Remembering to keep these key points in mind: packaging, dosages, strains, and dosing will make you a savvy probiotic consumer. And, foods are a key source of probiotics as well. And to feed your probiotics, eat lots of fruits, vegetables, and grains.

Has probiotic use helped your health? Share your thoughts!

For information on purchasing other supplements, read on. 

Hey Seniors, Reach for These 5 Dietary Supplements

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Supplements for seniorsWhile daily use of multi-nutrient supplements has fallen out of favor by some health professionals due to some recent studies, there are five supplements many seniors should take. While food is always the best source of nutrients, certain circumstances with aging may warrant adding these supplements to your diet! Here are the 5 recommended supplements for seniors :

Omega-3 Fatty Acids

We have too little of these essential fatty acids in our diet. While fish can be a good contributor of omega-3-fatty acids, eating fish a few times a week is not necessarily going to be insurance requirements are met. Other food sources include walnuts and flaxseed, but consistency is key. If these foods are not eaten regularly, a fish oil supplement a few times per week may be helpful.

CoQ10

We make this nutrient, but we make less of it as we age. If you are taking a statin drug to lower your cholesterol level, the statin drug will limit your body’s ability to make this nutrient. Consider taking CoQ10 if you are aging or on a cholesterol lowering statin!

Magnesium

While distributed in a wide variety of foods, my clients are often consuming too little of this nutrient. Magnesium may be easily washed and peeled away from foods during processing. A decreased calorie consumption also means less is being consumed through food.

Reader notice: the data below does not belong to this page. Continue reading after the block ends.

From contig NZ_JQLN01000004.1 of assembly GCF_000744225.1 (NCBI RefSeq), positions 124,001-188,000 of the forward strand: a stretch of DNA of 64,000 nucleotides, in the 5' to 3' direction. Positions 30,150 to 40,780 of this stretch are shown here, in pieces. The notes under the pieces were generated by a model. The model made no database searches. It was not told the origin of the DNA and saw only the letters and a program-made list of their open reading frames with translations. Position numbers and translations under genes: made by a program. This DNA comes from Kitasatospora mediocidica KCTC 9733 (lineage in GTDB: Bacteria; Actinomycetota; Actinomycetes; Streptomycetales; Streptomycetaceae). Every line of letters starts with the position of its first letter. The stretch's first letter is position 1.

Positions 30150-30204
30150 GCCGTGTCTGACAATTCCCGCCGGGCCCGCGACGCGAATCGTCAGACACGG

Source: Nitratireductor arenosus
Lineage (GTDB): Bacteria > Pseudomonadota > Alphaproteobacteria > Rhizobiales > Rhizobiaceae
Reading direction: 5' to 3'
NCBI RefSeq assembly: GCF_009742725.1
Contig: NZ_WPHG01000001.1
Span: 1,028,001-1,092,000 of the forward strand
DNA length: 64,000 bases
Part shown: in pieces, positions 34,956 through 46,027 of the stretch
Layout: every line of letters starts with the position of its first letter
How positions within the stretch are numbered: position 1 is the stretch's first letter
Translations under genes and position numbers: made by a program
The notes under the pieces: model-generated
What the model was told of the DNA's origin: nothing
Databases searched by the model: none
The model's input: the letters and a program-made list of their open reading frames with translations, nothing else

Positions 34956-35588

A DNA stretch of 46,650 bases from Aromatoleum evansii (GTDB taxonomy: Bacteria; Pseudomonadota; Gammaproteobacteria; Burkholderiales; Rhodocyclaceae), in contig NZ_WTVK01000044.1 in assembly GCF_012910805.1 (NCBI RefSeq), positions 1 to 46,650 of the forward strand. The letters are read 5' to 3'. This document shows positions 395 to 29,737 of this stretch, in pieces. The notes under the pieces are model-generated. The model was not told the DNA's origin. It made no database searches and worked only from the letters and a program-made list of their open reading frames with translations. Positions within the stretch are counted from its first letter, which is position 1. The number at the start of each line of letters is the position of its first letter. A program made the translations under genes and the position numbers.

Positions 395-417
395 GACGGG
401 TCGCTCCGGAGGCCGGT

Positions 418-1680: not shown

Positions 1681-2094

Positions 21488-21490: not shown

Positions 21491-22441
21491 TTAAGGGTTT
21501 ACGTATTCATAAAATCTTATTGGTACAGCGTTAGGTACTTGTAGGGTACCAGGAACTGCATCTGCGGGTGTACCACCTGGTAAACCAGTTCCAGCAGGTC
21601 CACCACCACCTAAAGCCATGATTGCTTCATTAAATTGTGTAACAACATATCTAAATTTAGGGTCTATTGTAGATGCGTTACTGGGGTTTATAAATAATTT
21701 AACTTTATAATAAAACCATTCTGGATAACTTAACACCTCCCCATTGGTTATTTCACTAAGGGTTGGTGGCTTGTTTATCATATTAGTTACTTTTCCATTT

Vitamin D

It is best to get your baseline blood vitamin D levels checked, but chances are you will benefit from at least some additional supplemental vitamin D. While we can make this vitamin, we make less as we age. Increased use of sunscreen will further decrease production of vitamin D. With mounting evidence that vitamin D plays roles in promoting strong bones, healthy blood pressure, fighting infection, and decreasing inflammation and cancer risk, supplementation is frequently warranted.  For more information on why it is hard to actually get enough vitamin D from foods, read on.

Calcium

If you skip the dairy group, there is a good chance you may not be meeting your calcium requirements. Calcium is important for more than our bones-it also protects against colon cancer and high blood pressure. If you opt out of drinking regular milk and eating dairy products, choose soy, rice, or almond milk. Just make sure the brand you choose is fortified with calcium. If you avoid these products altogether, consider a supplement. Consume 1000 mg up to 50 years of age; for 50+ the requirements increase to 1200 mg.

While my preference is always going to be to get nutrients through food, eating less as we age, medication, and lifestyle may impact our nutritional status.

Any one have other supplements they think we should be taking as we get older?